bethesda Summary and Overview
bethesda in Easton's Bible Dictionary
house of mercy, a reservoir (Gr. kolumbethra, "a swimming bath") with five porches, close to the sheep-gate or market (Neh. 3:1; John 5:2). Eusebius the historian (A.D. 330) calls it "the sheep-pool." It is also called "Bethsaida" and "Beth-zatha" (John 5:2, R.V. marg.). Under these "porches" or colonnades were usually a large number of infirm people waiting for the "troubling of the water." It is usually identified with the modern so-called Fountain of the Virgin, in the valley of the Kidron, and not far from the Pool of Siloam (q.v.); and also with the Birket Israel, a pool near the mouth of the valley which runs into the Kidron south of "St. Stephen's Gate." Others again identify it with the twin pools called the "Souterrains," under the convent of the Sisters of Zion, situated in what must have been the rock-hewn ditch between Bezetha and the fortress of Antonia. But quite recently Schick has discovered a large tank, as sketched here, situated about 100 feet north-west of St. Anne's Church, which is, as he contends, very probably the Pool of Bethesda. No certainty as to its identification, however, has as yet been arrived at. (See FOUNTAIN T0001378; GIHON T0001485.)
bethesda in Smith's Bible Dictionary
(house of mercy, or the flowing water), the Hebrew name of a reservoir or tank, with five "porches," close upon the sheep-gate or "market" in Jerusalem. #Joh 5:2| The largest reservoir - Birket Israil - 360 feet long, 120 feet wide and 80 feet deep, within the walls of the city, close by St. Stephen's Gate, and under the northeast wall of the Haram area, is generally considered to be the modern representative of Bethesda. Robinson, however, suggests that the ancient Bethesda is identical with what is now called the Pool of the Virgin, an intermittent pool, south of Birket Israil and north of the pool of Siloam.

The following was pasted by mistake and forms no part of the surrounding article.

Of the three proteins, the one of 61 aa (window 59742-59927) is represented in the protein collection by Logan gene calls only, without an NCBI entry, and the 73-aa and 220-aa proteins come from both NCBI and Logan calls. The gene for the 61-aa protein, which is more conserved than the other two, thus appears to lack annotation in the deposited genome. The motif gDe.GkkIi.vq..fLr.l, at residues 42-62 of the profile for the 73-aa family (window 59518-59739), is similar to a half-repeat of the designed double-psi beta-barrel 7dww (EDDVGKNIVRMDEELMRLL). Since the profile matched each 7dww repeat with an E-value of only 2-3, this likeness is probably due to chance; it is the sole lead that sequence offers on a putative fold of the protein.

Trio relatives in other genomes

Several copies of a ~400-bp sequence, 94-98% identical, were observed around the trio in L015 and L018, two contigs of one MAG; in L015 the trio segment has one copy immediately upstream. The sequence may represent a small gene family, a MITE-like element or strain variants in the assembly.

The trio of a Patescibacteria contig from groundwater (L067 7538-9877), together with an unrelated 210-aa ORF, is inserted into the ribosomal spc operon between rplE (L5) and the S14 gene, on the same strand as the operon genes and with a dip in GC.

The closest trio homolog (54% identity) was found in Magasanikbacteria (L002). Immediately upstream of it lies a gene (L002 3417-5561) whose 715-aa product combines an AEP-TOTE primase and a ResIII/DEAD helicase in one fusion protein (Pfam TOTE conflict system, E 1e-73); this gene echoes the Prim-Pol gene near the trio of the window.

bethesda in Schaff's Bible Dictionary
BETHES'DA (house of mercy, or flowing water), a pool in Jerusalem near the sheep-gate or market, John 5:2-9; tradition identifies it with the modern pool Birket-Israel, 360 feet long, 120 feet wide, and 80 feet deep, half filled with rubbish. Capt. Warren found an aqueduct leading from it, probably into the Kedron. Robinson, with more probability, regards Bethesda as identical with the intermittent Pool of the Virgin, outside of the city, above the Pool of Siloam.
bethesda in Fausset's Bible Dictionary
("house of mercy".) A water reservoir, or swimming pool (as John 5:2, kolumbeethra, means), with five porches, or colonnades, close to the sheep gate (Nehemiah 3:1) in Jerusalem. The porches accommodated those waiting for the troubling of the waters. John 5:4, as to the angel troubling the water, is omitted in the Vaticanus and Sinaiticus manuscripts, but is found in the Alexandrinus, and John 5:7 favors it. The angels, in a way unknown to us, doubtless act as God's ministers in the world of nature. Many curative agencies are directed by them (Psalm 104:4). God maketh His angelic messengers the directing powers, acting by the winds and flaming lightning. The angelic actings, limited and fitful, attested at that time that God was visiting His people, throwing into the brighter prominence at the same time the actings of the divine Son (compare Hebrew 1), who healed not merely one exceptionally but all who came to Him, whatever might be their disease, and instantaneously. Now Birket Israil, within the walls, close by Stephen's gate, under the N.E. wall of the Haram area. Eusebius, in the 3rd century, describes it as consisting of two pools and named Bezatha, answering to the N.E. suburb Bezetha in the gospel times. Robinson suggested that "the pool of the Virgin" may answer to "the pool of Bethesda," "the king's pool" in Nehemiah. Ganneau identifies with the church of Anne, mother of Mary, Beit Hanna, really actually Bethesda, "house of grace."